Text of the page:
It is very easy to set up a cron job in cPanel.
Cron jobs are scheduled tasks that the system runs at predefined times or intervals. Typically, a cron job contains a series of simple tasks that the system runs from a script file.
Note: Exercise caution when you schedule cron jobs. If you schedule them to run too often, they may degrade your server’s performance.
Please follow the given procedure to setup the cron in cPanel.
1. Select the “Cron Jobs” tab in cPanel. You can do this either by searching for it or by finding it in the “Advanced” menu.
2. Add a cron email.
The Cron Email section of this interface allows you to specify an email address at which you would like to receive notifications whenever your cron jobs are run. To specify an email address:
- Enter the email address at which you wish to receive the notifications in the email field.
Click the Update Email button.
3. Add a new cron job.
For this first configure the interval at which you wish to run the cron job.
- Common Settings— This menu allows you to select a commonly used interval without having to specify settings for the minute, hour, day, month, and so on.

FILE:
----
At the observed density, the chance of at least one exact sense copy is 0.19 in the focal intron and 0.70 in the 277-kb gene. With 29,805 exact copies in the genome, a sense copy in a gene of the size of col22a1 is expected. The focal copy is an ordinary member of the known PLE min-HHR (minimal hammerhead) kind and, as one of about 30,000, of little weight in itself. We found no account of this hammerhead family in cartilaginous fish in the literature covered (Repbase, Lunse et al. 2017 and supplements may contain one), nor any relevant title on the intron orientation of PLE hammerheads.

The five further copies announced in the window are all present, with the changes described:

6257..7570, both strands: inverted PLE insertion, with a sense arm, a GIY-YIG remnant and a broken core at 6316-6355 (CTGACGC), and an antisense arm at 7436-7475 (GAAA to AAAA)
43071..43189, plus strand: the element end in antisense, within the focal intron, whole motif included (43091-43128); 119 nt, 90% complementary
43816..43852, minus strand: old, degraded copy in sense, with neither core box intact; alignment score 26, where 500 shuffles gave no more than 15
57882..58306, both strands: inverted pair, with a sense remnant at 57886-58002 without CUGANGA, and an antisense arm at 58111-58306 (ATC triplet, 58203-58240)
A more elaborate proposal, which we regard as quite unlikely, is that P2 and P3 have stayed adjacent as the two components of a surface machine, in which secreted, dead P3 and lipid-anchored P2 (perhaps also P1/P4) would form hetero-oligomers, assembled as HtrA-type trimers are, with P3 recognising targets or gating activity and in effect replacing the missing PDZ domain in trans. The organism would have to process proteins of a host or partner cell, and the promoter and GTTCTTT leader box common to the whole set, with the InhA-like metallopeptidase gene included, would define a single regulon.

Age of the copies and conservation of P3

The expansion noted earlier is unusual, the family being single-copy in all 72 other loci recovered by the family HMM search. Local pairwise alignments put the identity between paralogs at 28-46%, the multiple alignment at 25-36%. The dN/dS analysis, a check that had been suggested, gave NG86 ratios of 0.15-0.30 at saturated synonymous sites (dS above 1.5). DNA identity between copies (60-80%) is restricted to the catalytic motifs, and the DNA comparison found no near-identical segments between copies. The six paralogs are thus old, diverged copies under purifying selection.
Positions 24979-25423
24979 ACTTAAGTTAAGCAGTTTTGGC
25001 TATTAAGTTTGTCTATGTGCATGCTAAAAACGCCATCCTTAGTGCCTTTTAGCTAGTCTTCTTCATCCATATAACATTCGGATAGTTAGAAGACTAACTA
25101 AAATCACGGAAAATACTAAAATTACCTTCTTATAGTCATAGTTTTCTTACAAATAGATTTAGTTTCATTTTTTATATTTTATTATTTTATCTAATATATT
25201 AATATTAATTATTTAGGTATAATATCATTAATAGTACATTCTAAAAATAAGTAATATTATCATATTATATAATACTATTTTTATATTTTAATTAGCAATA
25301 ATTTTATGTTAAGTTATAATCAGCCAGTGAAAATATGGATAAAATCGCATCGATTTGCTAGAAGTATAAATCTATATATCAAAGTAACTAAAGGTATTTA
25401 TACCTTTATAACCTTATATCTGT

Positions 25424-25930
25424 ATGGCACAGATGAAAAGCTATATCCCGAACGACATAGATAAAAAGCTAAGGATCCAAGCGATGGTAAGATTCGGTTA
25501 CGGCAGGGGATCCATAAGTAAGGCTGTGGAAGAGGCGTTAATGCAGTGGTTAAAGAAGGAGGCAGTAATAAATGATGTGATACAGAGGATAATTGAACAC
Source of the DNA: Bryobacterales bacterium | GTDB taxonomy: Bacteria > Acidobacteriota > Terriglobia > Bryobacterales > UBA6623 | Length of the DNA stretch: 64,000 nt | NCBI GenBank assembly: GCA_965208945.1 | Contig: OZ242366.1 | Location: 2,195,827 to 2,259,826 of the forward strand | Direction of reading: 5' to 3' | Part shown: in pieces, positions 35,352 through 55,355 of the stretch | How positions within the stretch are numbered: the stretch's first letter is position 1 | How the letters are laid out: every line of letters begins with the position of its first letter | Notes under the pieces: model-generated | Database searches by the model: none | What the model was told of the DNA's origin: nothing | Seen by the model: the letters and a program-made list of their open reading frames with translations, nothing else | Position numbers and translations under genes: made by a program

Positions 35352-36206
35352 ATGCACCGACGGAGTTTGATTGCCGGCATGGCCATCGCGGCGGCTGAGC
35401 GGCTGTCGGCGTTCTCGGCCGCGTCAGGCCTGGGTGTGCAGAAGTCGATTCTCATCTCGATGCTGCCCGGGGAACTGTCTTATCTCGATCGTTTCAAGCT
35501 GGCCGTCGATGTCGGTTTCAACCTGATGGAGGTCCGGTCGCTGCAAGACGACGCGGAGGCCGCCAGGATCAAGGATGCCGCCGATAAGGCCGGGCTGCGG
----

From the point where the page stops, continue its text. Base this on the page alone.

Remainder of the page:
- Minute — Use this drop-down menu to select the number of minutes between running the cron job, or the minute each hour on which you wish to run the cron job.
- Hour — Use this drop-down menu to select the number of hours between running the cron job, or the hour each day on which you wish to run the cron job.
- Day — Use this drop-down menu to select the number of days between running the cron job, or the day of the month on which you wish to run the cron job.
- Month — Use this drop-down menu to select the number of months between running the cron job, or the month of the year in which you wish to run the cron job.
- Weekday — Use this drop-down menu to select the day(s) of the week on which you wish to run the cron job.
General cron job format is as follows:
[path to environment] [Path to script] [Script parameters]
For example, if you want to run PHP script located in public_html directory, the correct cron command will be:
or if you want to use relative path (different commands are divided by “;”):
cd /home/YourcPuser/public_html/; /usr/local/bin/php yourscript.php
For Python and Perl scripts there is no need to use full path to environment, environment interpreter directive will be enough on shared servers.
Alternatively you can just use curl request as cron job command for the same purpose:
However unlike first method, curl-based cron jobs will work only if URLs specified in curl requests are resolving, e.g. DNS records for the domain are correct and running.